In the USA, an average college tuition per year ranges from $11,000 (for public universities and two-year colleges) to $60,000 (for private institutions). That’s a lot of money, right? While the wealthy can easily afford to send their children to the best universities without worrying about making a dent in their bank accounts, the rest of us need to find alternatives to help pay our tuition’s and other school fees. These may be in the form of scholarships, grants, and student loans.
If you want to avail a student loan, choosing the right one for you is critical. If you’re unsure about private loans, better start with a federal student loan. Though private student loans may come in handy, they’re more stringent in terms of qualifications —not to mention expensive. On the other hand, federal student loans give applicants more leeway and generally give more. Here we have four reasons why you should start with a federal student loan rather than private loans:
As mentioned earlier, private loans are much more pricey with fluctuating interest rates that tend to increase when the Federal Reserve raises the interest rate benchmark. Federal student loans have a fixed interest rate which is highly advantageous, especially if rates skyrocket during your repayment term. You may even opt for student loan refinancing which may further reduce your interest rate as long as your credit and income are strong after you finish your education.
One of the best things about federal student loans is how easy it is to qualify for one. Private loans won’t approve your application unless they can be assured that you have enough means to repay your loan. This means that in order to qualify, you will have to possess a sufficient income and a good credit history. On the other hand, there are federal student loans which are available for any enrolled undergraduate even if they don’t have any credit check or income. And if you didn’t know, direct PLUS loans are the only kind that requires a credit check.
In terms of repayment, federal student loans are more flexible. You may choose to have an extension for your repayment or one that changes in relation to the amount of income you receive. Moreover, you are given the opportunity to pause payments depending on the situation (e.g. unemployment) while private loans are not as forgiving.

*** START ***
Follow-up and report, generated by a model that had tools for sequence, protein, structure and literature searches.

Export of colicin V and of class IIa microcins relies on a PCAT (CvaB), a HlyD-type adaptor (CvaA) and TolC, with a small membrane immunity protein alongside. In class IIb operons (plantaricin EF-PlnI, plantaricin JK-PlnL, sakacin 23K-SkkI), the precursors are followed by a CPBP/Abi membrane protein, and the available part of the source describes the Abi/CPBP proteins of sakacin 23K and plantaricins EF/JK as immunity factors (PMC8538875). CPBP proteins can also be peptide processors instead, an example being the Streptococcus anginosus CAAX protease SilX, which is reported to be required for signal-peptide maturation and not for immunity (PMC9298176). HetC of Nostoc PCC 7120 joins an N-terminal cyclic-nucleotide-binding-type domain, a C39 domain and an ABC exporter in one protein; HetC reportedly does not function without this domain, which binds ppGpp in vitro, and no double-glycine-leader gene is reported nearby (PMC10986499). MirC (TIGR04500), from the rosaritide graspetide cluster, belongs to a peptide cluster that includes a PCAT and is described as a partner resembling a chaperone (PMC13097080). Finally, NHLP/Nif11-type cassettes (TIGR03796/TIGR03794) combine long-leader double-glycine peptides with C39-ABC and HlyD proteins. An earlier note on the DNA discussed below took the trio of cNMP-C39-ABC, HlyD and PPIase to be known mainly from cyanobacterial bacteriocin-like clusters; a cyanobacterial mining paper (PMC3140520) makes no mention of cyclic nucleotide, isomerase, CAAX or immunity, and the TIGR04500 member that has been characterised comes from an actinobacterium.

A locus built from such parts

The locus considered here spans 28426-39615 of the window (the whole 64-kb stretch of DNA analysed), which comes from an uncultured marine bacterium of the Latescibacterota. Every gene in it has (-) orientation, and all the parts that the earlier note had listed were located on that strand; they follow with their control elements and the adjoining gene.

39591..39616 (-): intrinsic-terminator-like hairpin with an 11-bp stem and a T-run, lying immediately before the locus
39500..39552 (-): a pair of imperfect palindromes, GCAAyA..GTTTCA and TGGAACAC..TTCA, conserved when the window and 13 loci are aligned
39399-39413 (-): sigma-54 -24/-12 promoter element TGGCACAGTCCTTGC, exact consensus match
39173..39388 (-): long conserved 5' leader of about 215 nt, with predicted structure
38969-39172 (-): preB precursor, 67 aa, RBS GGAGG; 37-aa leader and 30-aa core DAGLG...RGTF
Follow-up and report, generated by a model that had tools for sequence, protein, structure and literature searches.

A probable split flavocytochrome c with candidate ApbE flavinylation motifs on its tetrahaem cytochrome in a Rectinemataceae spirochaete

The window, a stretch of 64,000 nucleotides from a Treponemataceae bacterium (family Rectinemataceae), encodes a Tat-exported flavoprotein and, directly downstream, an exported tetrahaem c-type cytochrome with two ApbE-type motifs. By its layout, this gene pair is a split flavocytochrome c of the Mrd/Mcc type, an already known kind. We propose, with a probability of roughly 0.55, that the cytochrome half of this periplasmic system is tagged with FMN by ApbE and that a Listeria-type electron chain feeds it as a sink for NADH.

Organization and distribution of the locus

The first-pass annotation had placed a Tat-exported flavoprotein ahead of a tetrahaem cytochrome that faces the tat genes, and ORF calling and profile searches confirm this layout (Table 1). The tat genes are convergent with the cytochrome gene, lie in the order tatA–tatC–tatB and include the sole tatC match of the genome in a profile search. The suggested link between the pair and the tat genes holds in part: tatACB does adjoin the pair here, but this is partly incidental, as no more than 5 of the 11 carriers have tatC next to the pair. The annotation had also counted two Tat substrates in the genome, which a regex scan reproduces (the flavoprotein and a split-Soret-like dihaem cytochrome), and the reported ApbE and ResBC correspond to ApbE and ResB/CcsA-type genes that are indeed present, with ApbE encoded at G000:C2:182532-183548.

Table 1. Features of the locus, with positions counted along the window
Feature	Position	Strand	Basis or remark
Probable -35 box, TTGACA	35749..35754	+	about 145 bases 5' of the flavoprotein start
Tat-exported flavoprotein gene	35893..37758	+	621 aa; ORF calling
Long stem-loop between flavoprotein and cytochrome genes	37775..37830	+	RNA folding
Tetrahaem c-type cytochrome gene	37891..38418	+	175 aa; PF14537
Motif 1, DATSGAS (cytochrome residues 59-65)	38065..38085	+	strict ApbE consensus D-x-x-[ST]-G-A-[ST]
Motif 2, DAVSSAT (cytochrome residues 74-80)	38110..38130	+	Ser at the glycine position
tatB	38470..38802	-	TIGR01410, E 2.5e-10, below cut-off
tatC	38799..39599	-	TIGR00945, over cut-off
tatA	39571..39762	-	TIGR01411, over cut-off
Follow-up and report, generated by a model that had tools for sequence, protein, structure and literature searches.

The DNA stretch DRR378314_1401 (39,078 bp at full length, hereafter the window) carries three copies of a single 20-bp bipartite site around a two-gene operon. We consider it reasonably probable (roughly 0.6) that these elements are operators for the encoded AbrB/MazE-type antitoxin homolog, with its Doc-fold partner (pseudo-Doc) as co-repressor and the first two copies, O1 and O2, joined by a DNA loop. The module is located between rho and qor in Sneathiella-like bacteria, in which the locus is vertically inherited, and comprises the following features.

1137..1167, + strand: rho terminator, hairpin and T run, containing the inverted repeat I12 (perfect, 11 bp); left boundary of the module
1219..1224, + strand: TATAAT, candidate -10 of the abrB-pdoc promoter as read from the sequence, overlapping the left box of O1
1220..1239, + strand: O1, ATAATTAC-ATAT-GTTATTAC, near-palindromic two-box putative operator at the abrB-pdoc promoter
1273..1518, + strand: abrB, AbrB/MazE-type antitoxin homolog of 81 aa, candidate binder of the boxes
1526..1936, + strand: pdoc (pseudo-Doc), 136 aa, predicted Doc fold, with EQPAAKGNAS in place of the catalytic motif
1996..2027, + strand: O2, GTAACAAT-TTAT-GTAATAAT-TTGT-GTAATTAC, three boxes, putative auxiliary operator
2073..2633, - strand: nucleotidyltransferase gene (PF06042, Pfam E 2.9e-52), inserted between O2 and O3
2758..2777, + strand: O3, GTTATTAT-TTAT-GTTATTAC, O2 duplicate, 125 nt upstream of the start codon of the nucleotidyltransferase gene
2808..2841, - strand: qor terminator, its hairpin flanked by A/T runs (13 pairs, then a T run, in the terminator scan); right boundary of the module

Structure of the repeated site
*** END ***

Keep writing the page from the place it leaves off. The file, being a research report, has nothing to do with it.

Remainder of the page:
What is this exactly? This means that your loan may be dissolved, essentially making the money you received “free money”. No need to repay at all! Before you get your hopes up, it is quite difficult to be considered or qualified for federal student loan forgiveness or discharge. But if you’ve been a public servant, such as a public school teacher and government employee among others, for a certain number of years, you might just be qualified for this.
If the student had an untimely death, the loan is automatically dissolved which reduces the financial burden of the family of the deceased. Loan cancellation of a deceased person may not be available for most private loans.
If you have been approved for multiple federal loans, these may be consolidated into a single payment without the need for a credit check. Consequently, your monthly payments will be reduced with a fixed interest rate (weighted average of each loan you have) and extends your loan repayment term (you can choose between 10 to 30 years). But remember that loan consolidation is not suited for everyone. You’ll definitely have to shell out more money within your chosen loan repayment period as opposed to other loans.
When it comes to college education, not everyone is blessed with the privilege and resources. Student loans are your best bet if you’ve failed to comply with scholarship or grant requirements. But before you apply, do your homework first and research which kind of student loan is the most suitable for you personally. Which one has more pros than cons? Which ones can you qualify for? These and more questions must be answered before coming up with a final decision. If you’re interested in private loans, you can ask lenders in your city for additional information, while information on federal student loans are readily available online.